The Soviet leadership completely understood that sooner or later, they would have to fight the German fascists. But precisely this question – sooner or later? – made all the difference in the world. Since the bourgeois democracies continued to stall on the question of the united front and the German fascists were in the process of making up their minds of who to attack first, the Soviet leadership waited until the last possible moment and then decided to force the issue.

The method chosen was the Soviet-German non-aggression pact, more popularly known as the Hitler-Stalin pact. Its signing sent the Trotskyists into a frenzied howl but in actuality it constituted one of the most brilliant diplomatic moves of the period.

It meant that the capitalist governments were attacked first, that the Germans would have to fight eventually on two fronts at once, that the Soviet Union would not have to fight alone and that the international popular front isolating the principal fascist enemies would become a reality. In short, it meant the defeat of fascism.

The Trotskyists, of course, saw it as only one more “betrayal” of the working class. In their view, it was the Communists who were primarily responsible for fascism’s coming to power in Germany in the first place.

In this way the Trotskyists cover up for the political force that actually paved the way to power for the fascists – the German Social-Democrats.

Refused united front

The German Social-Democrats refused at every point in the struggle to form a united front with the German Communists against the rising power of the fascists. Instead, they shared governmental power with the bourgeoisie, collaborated with them in suppressing the struggles of the working class and pursued the line of the peaceful, constitutional path to “socialism.” In both theory and practice, however, they were tools of the capitalists for maintaining the stability of bourgeois rule.

In Austria, for example, even after Hitler had conic to power in Germany, the Social-Democrats begged for an agreement with the fascists. even going so far as to volunteer cooperation with a two-year suspension of the constitution and the parliament so long as it was done “constitutionally.”

For these reasons, the Communists correctly attacked the leadership of the Social-Democratic parties as “social-fascists,” that is, “socialists in words, fascist in deeds.” (Lenin had attacked the same parties during World War I as “social-imperialists” for defending their own capitalists.) In this way, the Communists sought to expose to the masses the actual implications of following the line of the Social-Democrats.

For Trotsky, this amounted only to so much name-calling. He pointed out the obvious fact that the Social-Democrats stood to be smashed with the victory of fascism and that this constituted an objective basis for a united front.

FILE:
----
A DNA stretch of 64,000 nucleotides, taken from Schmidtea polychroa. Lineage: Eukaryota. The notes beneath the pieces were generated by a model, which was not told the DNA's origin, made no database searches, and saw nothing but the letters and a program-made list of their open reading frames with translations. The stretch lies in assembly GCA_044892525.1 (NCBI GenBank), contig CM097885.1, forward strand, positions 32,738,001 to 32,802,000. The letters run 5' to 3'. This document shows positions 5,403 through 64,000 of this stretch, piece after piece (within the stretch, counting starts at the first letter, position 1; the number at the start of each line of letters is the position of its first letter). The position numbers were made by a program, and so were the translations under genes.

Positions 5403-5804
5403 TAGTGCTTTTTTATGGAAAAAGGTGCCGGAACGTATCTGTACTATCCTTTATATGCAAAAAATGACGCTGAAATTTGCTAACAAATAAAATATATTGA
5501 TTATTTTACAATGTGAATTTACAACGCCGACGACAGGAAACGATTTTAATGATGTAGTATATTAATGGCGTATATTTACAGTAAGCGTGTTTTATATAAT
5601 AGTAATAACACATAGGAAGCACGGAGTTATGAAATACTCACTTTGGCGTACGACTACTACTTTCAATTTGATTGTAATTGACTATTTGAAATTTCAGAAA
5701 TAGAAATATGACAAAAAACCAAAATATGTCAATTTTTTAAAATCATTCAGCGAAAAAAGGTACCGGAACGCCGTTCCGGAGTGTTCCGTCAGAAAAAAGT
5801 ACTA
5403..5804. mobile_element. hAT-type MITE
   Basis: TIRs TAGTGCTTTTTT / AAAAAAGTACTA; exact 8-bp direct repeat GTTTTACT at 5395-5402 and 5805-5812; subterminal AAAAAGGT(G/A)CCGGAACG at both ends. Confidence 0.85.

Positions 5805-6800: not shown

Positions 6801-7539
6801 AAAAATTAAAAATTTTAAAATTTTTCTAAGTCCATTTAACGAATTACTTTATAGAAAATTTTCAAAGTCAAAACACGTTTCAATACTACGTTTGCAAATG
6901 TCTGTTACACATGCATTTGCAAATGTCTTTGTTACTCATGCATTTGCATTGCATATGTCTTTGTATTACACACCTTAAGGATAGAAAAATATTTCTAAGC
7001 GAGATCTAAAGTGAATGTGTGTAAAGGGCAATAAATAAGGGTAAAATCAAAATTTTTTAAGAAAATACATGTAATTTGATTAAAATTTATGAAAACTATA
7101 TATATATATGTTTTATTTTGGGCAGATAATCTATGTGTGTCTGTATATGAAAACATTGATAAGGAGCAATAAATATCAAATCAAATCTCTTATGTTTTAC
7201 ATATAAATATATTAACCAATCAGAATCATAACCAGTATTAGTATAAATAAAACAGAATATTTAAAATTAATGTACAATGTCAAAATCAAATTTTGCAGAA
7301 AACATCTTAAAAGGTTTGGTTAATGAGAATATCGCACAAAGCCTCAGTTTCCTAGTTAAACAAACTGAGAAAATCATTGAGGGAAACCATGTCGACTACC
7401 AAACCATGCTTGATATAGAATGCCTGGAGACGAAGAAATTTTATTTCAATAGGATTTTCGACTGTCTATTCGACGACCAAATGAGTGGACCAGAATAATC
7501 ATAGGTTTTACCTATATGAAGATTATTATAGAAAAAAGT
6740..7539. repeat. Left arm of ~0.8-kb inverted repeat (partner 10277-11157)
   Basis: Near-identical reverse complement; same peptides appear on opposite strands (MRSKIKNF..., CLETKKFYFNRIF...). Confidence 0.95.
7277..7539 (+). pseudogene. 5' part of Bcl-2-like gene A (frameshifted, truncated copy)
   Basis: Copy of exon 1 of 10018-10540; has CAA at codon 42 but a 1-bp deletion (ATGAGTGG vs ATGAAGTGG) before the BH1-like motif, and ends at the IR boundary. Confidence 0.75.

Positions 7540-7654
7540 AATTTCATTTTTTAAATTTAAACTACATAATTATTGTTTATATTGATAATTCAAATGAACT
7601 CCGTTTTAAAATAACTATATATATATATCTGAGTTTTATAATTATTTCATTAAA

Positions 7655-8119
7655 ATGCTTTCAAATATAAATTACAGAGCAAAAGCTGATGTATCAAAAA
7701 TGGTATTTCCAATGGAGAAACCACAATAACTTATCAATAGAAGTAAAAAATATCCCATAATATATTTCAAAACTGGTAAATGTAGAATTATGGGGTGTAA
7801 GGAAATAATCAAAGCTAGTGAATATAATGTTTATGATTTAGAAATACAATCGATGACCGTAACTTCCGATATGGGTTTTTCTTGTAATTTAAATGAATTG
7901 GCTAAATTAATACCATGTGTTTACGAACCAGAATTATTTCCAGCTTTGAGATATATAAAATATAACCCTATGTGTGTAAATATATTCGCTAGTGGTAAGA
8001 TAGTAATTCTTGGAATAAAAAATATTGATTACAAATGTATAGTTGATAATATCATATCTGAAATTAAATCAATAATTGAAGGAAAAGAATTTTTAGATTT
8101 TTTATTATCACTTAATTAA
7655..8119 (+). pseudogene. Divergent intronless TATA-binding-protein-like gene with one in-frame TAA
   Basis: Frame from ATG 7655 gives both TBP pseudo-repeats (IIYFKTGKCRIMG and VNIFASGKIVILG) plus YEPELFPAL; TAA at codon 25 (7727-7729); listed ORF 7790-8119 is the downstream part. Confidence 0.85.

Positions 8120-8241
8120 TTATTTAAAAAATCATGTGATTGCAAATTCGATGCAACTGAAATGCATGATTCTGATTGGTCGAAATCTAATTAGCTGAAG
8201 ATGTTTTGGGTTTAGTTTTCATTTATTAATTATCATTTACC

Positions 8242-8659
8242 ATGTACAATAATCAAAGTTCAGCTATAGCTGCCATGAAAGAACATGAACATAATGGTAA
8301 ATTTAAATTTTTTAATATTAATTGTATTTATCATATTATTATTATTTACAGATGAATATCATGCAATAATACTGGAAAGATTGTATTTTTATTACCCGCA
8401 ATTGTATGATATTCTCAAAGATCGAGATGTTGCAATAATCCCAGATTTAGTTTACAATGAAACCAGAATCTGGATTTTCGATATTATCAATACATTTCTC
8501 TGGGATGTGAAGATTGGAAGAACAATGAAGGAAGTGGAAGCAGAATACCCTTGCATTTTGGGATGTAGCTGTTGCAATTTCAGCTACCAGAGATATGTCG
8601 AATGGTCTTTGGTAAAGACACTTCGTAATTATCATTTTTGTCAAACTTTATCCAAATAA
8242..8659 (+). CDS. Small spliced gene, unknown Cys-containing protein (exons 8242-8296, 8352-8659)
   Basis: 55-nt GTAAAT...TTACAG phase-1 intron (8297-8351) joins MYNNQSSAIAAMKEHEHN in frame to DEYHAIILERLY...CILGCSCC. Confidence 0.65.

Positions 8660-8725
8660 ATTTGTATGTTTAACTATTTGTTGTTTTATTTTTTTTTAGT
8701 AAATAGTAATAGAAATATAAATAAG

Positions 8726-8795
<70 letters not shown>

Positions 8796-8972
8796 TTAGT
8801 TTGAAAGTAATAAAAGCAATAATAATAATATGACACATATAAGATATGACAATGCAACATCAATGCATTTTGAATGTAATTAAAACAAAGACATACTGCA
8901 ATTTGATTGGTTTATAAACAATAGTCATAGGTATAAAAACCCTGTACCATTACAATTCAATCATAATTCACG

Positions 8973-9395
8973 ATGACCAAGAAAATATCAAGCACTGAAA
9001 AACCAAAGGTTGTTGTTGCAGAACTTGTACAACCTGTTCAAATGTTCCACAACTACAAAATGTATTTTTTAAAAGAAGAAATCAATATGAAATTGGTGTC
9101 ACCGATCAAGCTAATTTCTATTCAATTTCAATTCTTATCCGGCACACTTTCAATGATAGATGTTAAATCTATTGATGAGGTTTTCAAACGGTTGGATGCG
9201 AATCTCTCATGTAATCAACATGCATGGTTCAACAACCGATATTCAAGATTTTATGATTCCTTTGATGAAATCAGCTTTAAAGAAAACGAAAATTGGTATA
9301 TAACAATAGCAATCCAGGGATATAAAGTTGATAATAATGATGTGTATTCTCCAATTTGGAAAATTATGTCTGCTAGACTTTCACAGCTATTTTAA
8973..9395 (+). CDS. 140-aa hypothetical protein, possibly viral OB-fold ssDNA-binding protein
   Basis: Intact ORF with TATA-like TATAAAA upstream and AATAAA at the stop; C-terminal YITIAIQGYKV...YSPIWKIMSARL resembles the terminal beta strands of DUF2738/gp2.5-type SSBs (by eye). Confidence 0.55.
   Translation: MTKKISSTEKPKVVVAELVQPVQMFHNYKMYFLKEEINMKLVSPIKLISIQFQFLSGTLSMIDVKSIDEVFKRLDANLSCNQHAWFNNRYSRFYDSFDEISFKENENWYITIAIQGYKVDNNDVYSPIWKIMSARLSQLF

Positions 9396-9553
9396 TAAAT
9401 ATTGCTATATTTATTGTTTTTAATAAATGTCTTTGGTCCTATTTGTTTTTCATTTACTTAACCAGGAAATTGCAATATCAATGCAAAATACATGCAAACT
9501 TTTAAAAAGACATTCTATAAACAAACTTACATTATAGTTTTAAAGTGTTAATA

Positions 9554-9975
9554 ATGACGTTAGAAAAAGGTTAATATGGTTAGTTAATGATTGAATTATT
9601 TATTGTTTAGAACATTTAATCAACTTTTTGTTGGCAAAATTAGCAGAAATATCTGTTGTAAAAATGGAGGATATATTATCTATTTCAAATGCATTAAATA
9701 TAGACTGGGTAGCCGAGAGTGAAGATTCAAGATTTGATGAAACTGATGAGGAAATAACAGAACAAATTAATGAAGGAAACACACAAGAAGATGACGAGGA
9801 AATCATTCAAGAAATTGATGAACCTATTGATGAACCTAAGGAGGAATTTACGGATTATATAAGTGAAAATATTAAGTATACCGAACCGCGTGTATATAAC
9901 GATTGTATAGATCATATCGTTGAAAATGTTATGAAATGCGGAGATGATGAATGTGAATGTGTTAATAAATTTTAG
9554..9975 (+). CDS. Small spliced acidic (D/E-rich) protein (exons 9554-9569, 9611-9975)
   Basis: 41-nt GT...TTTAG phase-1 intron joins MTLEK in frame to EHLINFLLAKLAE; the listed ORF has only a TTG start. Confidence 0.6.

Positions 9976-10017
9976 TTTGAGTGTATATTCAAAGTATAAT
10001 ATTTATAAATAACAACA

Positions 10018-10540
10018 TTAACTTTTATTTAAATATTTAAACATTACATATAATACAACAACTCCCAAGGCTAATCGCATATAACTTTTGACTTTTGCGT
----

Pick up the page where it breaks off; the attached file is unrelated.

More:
Decisive factor

The problem. however, was that it was not obvious to the Social-Democrats who feared proletarian revolution more than the victory of Hitler. This factor proved decisive.

This is not to say that the German Communist party made no mistakes or that their errors were insignificant. One of their main weaknesses was a social-democratic or right error. This was seen in the building of their party primarily on the basis of electoral districts, rather than on factory cells. They also made a number of ultra-“left” errors, including a one-sided emphasis on the “united front from below,” rather than a more persistent effort at unity with the Social-Democratic leaders as well, even if this was turned down. They also at one point perpetrated the illusion that the Hitler government would be short-lived and that the proletarian power would quickly replace it.

The Trotskyists believe that the Communists’ errors were the decisive factor in preventing the united front from being embraced by the Social- Democratic leaders. But this is utopian. The Communists would have been able to strengthen their influence among the masses of the Social-Democrats but the leadership had objective ties to the bourgeoisie. To think otherwise is to deny the character of the labor aristocracy as the agent of the capitalists within the workers movement.

This is reflected in this country in the Socialist Workers party’s one-sided emphasis on the union leadership in the united front against the Vietnam war. While Trotskyists went all-out to get endorsements from trade union leaders for antiwar demonstrations, they (lid no organizational work among the rank-and-file for the struggle against imperialism. Despite their running debate with the revisionists on the single-issue, multi-issue question, this is where they share with the Communist party a thoroughly rightist approach to the question of the united front.

The Trotskyist movement in the 1930s went on to merge with the Social-Democrats and the Trotskyists in this country joined the Socialist party of Norman Thomas. This and other aspects of the Trotskyists’ history in the U.S. show what left phrases mean in practice.

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Last updated on 13.11.2002